The Preservation Society has recently completed a major, multi-million dollar restoration of Chateau-sur-Mer's roof, which protects the treasured woodwork, wallpapers, stencils and furnishings inside.
Chateau-sur-Mer (1852) is one of America's great Victorian houses. Victorian society looked to a future built on industrial wealth and science, while its art looked to the past, inspired by a romantic fascination for history, nature, and adventures in exotic lands. Chateau-sur-Mer is a landmark to all of these Victorian interests.
With a vast fortune in the China Trade, three generations of the Wetmore family lived at Chateau-sur-Mer and worked with some of the nation's leading architects and landscape designers to make the estate one of the most palatial in Newport. Italian woodwork, Chinese porcelains, Egyptian and Japanese Revival stencils, and rare trees from Kentucky to Mongolia are just a few of the precious things assembled by the family on this most remarkable estate.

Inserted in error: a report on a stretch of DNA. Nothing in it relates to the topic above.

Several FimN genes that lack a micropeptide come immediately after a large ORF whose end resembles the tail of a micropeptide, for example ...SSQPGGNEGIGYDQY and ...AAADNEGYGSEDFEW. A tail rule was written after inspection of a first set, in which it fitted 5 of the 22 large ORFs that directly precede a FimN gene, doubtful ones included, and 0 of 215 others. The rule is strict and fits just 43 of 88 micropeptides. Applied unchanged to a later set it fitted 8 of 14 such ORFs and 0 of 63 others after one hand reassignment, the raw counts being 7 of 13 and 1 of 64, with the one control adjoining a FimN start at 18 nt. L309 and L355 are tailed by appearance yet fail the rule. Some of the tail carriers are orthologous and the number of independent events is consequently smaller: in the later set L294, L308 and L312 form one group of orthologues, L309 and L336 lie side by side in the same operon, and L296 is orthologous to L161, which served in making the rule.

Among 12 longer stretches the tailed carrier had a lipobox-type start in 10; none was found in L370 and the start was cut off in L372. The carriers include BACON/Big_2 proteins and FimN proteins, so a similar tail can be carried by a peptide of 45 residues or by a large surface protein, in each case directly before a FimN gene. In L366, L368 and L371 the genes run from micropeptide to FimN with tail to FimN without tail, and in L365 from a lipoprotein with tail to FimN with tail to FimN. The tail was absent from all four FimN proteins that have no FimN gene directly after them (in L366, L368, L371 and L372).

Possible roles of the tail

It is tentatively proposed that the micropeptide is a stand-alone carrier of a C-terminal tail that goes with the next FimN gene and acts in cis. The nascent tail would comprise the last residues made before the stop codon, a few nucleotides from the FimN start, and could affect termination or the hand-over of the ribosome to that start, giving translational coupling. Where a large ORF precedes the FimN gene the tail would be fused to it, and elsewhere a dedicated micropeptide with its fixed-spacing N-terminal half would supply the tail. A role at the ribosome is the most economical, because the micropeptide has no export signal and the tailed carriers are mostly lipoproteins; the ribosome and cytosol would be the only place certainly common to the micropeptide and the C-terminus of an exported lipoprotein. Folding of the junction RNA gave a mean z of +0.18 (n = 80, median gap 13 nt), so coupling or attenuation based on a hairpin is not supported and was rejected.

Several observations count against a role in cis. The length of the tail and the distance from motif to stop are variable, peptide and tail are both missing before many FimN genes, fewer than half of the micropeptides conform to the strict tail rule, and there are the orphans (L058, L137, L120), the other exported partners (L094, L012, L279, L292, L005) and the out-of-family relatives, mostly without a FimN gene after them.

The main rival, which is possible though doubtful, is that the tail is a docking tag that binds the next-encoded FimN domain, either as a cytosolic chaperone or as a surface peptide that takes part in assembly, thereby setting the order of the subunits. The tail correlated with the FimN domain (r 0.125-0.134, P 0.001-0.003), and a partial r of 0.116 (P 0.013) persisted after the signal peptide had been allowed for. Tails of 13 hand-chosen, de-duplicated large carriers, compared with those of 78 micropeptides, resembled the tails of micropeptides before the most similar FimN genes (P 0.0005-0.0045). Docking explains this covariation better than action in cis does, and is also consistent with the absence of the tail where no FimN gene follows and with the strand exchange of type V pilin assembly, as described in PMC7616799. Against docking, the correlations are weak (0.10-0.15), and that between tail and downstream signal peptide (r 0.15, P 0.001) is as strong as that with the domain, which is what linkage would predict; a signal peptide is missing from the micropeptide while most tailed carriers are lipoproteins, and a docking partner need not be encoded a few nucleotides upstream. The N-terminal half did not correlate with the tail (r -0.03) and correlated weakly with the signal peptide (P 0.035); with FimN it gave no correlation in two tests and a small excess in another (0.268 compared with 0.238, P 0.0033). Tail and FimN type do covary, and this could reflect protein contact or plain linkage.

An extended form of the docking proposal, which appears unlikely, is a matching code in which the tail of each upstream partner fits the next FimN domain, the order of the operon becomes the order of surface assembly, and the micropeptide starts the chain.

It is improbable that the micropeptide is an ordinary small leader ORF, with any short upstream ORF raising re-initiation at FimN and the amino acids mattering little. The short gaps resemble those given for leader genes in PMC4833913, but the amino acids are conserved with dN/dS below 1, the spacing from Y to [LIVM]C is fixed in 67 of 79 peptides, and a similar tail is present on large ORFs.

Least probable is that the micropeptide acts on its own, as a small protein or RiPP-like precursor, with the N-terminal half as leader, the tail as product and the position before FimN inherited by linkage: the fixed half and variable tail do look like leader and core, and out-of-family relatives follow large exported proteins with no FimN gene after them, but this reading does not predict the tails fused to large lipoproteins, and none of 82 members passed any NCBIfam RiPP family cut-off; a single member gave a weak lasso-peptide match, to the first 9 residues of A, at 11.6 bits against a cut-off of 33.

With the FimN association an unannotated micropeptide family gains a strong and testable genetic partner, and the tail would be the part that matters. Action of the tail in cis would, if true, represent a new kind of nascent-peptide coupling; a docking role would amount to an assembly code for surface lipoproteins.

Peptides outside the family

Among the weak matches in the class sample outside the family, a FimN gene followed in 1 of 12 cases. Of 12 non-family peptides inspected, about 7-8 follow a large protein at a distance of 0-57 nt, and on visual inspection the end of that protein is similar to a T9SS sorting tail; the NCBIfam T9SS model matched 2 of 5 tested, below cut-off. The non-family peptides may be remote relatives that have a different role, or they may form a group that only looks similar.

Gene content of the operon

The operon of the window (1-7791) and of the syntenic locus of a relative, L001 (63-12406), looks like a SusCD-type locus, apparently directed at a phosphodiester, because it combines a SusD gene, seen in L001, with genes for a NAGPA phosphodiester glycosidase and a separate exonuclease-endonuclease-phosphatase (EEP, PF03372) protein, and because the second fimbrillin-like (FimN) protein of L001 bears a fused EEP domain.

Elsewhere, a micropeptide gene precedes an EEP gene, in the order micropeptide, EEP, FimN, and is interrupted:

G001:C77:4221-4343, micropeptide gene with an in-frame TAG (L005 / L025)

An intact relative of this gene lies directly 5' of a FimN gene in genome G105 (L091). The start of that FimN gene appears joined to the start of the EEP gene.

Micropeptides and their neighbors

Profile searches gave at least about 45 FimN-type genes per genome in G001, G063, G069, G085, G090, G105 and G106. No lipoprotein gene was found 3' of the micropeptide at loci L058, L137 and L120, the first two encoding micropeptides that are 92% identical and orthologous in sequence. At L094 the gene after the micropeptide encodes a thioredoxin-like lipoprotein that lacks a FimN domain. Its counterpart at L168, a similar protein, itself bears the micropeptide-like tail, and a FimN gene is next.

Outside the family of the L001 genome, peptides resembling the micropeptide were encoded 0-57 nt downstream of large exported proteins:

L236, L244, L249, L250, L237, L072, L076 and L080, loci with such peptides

Prominent in international trade and finance, society, politics, and art, the Wetmores were a major presence in 19th century life and Chateau-sur-Mer was the backdrop for all of their activities. George Peabody Wetmore served as Governor of Rhode Island and as a U.S. Senator. His daughters, Maude and Edith, were art collectors and preservationists. Upon the death of Edith Wetmore in 1966, Chateau-sur-Mer faced an auction and imminent destruction. The Preservation Society of Newport County intervened and saved the house and fine park of trees. Today, the estate is a National Historic Landmark and a place where the romantic atmosphere and cultural values of the Victorian Age are preserved in the picturesque grounds and richly crafted rooms.
Read research reports about the Wetmore family.
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